The Threat Of Losing Our World’s Species
The most well know mass extinction event occurred with the dinosaurs, in the present age, a host of plants and animals are facing extinction due to humans. What is worrisome is that humans are forcing them out faster than a new species can evolve. The world is on the brink of it sixth mass extinction event. This is being driven by human encroaching on the hunting grounds, the encroachment into their habitats and the spread of new diseases into their ecosystem. Climate change also has a large effect on a species ability to adapt. In previous times, the rate at which life was evolving matched with the pace of the changes, however that is no longer the case.
Until recently it has been hoped that the rate at which new species were evolving could keep pace with the loss of diversity of life. The International Union for Conservation of Nature (IUCN) has made an basement of the worlds habitants and have calculated that the current extinction rate has reached or even passes one hundred to one thousand times the amount present prior to humans presence on the earth.
Periodic extinction is a normal part of evolution and life. Since the year 1500, there have been 869 recorded extinctions. There are any where between five and thirty millions species in the world, and there is no way to ascertain the exact number of species that have gone extinct because there is no way to document and track them all. Scientists have come up with a number based on the current cataloged species and their rate of extinction. Since the figures rely on a lot of assumptions and estimations, there is a large margin for error in the number, but even when paired with the margin, the low numbers are very alarming. The numbers, however, are not enough to move expensive conservation projects forward.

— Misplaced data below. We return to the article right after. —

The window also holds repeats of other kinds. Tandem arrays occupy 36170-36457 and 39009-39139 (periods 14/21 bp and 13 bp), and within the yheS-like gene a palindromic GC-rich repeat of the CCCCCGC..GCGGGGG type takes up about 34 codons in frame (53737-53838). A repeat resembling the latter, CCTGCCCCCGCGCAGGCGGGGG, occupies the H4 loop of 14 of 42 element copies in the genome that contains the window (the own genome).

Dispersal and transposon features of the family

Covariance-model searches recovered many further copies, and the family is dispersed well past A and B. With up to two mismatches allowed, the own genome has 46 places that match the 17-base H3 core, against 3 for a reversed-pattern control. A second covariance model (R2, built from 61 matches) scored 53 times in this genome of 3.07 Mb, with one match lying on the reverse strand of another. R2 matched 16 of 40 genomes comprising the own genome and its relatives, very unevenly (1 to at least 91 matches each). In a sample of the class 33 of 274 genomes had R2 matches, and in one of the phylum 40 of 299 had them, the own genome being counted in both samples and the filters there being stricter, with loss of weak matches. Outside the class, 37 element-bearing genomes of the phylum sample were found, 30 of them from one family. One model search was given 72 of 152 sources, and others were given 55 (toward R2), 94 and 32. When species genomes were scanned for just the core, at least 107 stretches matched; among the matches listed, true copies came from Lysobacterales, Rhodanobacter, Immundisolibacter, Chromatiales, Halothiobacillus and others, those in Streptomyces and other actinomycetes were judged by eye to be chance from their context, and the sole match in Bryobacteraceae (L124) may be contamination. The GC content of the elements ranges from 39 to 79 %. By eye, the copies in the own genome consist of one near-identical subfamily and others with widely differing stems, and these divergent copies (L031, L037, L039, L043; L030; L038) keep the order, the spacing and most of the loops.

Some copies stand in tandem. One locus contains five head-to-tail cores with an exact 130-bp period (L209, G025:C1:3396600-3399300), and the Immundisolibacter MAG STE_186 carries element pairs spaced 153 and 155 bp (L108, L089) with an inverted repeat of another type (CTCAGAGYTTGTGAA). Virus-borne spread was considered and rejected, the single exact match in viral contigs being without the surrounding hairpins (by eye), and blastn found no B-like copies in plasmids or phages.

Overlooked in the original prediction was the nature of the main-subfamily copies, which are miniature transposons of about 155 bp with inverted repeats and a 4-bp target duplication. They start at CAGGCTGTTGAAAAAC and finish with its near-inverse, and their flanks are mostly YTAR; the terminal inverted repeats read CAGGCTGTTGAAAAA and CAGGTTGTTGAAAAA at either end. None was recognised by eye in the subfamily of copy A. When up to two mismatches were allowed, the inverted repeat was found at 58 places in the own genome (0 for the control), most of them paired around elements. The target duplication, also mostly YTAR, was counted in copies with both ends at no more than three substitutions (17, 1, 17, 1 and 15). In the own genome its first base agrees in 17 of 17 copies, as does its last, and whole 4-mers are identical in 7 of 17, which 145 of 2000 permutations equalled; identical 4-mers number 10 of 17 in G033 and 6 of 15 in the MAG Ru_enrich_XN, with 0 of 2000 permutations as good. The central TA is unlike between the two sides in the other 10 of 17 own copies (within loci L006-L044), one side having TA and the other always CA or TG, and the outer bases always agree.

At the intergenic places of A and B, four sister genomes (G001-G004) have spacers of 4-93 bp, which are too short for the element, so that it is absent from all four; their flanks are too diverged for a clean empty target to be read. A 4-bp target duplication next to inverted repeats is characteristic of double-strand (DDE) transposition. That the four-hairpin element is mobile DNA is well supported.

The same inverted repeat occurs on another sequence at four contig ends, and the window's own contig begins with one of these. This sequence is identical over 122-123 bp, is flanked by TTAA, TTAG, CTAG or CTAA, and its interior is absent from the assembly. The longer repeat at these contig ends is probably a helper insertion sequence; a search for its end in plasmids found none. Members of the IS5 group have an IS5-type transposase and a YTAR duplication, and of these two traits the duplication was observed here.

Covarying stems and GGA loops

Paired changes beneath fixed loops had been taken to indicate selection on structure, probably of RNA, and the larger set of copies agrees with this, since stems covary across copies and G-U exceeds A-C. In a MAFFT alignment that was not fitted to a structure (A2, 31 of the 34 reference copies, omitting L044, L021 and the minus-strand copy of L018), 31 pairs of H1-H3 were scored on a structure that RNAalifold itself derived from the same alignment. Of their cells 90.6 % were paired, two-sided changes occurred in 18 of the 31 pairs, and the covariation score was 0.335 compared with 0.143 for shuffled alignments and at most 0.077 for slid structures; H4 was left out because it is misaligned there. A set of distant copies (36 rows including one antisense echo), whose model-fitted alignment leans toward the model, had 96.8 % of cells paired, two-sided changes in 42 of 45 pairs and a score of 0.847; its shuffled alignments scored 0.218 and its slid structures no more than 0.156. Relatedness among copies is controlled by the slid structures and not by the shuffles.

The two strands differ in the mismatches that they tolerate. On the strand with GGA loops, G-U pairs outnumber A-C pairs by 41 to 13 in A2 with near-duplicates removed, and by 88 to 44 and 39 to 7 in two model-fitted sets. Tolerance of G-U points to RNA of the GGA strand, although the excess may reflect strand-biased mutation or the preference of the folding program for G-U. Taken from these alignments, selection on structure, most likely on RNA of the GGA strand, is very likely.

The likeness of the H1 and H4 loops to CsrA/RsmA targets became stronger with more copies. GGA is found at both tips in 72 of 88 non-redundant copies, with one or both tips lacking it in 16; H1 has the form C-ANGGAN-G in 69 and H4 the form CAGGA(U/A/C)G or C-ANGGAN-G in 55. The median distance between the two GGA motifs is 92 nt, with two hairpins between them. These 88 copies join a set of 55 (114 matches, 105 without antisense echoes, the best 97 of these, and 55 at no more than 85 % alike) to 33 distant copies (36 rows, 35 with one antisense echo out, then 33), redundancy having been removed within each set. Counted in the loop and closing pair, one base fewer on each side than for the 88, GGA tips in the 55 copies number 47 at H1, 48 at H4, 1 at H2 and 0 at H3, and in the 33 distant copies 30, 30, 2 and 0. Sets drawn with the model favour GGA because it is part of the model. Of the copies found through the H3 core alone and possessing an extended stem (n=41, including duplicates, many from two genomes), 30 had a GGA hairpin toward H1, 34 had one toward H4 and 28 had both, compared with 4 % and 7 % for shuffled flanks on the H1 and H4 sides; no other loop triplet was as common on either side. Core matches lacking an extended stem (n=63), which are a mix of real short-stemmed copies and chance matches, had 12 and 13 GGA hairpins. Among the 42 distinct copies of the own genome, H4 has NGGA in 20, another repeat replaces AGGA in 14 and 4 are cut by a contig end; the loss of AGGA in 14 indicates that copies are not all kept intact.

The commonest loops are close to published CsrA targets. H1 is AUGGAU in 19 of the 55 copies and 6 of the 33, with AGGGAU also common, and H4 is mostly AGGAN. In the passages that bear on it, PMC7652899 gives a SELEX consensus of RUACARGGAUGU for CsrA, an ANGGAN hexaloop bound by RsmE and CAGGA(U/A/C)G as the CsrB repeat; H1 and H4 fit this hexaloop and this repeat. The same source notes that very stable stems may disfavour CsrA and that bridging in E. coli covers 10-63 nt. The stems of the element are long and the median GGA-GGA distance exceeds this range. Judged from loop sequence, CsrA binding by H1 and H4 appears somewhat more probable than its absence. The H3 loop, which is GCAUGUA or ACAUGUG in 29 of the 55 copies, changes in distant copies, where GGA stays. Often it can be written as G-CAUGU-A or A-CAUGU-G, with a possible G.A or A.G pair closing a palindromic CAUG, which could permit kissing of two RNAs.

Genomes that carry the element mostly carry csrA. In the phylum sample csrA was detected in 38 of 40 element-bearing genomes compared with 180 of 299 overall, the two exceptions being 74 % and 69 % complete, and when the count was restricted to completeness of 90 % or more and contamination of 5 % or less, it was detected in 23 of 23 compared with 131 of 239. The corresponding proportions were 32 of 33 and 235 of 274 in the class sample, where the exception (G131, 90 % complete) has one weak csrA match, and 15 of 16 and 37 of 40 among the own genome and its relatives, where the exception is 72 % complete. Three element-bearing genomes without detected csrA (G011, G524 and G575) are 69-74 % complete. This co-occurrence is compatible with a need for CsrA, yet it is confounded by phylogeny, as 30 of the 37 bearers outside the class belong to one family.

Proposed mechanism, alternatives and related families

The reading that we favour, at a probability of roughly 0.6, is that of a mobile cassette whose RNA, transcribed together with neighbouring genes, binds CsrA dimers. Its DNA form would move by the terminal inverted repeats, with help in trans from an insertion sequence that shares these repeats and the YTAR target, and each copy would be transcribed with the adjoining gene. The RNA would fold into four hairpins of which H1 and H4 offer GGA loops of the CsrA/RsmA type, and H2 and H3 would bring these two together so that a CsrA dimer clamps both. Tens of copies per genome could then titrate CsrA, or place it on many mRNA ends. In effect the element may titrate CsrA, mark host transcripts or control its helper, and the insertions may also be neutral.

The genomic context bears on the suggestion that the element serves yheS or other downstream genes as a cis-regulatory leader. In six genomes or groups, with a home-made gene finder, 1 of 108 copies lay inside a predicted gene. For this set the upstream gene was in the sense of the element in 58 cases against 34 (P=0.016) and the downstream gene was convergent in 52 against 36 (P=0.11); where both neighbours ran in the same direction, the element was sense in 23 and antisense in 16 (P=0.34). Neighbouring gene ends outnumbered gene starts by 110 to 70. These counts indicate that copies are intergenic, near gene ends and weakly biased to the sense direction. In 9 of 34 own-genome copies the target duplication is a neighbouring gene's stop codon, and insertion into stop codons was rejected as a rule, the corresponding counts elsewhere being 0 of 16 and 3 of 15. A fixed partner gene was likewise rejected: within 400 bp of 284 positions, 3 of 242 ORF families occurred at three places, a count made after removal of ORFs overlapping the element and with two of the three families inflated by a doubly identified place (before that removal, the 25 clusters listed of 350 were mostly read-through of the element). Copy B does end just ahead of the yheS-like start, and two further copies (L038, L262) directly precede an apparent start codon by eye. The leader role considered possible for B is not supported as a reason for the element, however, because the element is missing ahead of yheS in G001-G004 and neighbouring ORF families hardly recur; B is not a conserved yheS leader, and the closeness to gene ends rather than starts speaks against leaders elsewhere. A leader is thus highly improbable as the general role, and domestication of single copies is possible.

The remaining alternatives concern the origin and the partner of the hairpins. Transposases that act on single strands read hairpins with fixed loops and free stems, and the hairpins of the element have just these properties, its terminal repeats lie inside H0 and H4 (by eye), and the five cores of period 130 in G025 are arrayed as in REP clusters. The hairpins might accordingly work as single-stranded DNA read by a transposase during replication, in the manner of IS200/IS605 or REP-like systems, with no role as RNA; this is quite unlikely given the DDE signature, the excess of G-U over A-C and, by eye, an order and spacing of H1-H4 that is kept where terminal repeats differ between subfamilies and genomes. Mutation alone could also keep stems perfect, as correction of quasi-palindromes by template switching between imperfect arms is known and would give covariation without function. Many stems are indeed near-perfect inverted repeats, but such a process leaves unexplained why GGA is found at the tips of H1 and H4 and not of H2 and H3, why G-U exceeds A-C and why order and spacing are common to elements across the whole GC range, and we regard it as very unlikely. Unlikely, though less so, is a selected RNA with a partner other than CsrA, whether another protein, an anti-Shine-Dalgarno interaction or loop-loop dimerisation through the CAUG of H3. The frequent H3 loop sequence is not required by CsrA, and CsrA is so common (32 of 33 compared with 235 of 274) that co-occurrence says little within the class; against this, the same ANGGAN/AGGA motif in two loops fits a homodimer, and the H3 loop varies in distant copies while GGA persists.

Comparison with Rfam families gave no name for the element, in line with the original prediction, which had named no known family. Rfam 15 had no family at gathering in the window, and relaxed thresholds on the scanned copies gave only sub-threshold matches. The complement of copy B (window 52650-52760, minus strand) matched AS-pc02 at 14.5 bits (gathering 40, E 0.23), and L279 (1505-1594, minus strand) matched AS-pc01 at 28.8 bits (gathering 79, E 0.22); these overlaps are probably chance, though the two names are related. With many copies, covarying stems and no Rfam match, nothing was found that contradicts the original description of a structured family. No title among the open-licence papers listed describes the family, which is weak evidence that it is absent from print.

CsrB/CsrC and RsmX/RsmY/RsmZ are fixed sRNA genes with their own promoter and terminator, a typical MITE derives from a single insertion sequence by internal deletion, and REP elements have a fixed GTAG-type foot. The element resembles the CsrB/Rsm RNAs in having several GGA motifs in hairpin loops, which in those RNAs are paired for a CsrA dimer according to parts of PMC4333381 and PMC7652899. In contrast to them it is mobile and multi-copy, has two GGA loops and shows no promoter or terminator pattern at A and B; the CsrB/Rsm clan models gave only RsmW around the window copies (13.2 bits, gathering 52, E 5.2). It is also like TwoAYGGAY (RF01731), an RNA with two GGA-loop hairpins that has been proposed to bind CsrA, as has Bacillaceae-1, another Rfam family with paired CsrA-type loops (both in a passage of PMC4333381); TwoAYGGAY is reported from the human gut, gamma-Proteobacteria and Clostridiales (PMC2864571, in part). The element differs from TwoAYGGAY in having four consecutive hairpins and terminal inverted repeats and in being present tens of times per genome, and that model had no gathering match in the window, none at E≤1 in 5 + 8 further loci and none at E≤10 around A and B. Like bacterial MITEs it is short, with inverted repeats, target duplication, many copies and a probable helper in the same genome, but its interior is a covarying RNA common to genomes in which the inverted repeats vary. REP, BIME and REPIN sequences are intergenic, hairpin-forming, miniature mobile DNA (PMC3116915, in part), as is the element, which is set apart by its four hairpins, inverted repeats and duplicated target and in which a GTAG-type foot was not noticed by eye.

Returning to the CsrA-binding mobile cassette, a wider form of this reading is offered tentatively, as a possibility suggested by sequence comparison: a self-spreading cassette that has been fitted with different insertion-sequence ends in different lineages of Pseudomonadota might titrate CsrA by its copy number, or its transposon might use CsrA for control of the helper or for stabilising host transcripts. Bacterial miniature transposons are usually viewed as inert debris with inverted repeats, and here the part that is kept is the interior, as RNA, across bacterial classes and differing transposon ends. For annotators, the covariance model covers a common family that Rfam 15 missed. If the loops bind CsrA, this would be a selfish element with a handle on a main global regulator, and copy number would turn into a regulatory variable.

Many scientists think the IUCN estimate was too conservative, this is mainly due to the fact that a lot of species have not been declared extinct despite not being seen for decades. This applies to both animals and plants and invertebrates. The stated 208 species that are listed as “possibly extinct” are not verifiable. There are currently 17,500 species that have been declared under severe threat of becoming extinct. Of this number, one in eight are from the bird family, one in five are from the mammal family, one in four are from the coral family, and one in three are from the amphibian family. Loss of each of these will have a cumulative effect on human life on earth.
Although these problems are increasing and climate change is rapidly changing the face of the earth, expert’s state that we must push for better understanding of the problem so that conservation efforts can be properly targeted. Educating the population as well as the youth will be key to assuring the current and next generation have the proper tools and understanding to help tackle the global problem. A better awareness of the problem will allow large scale and small scale conservation programs to be initiated and implemented internationally and locally.
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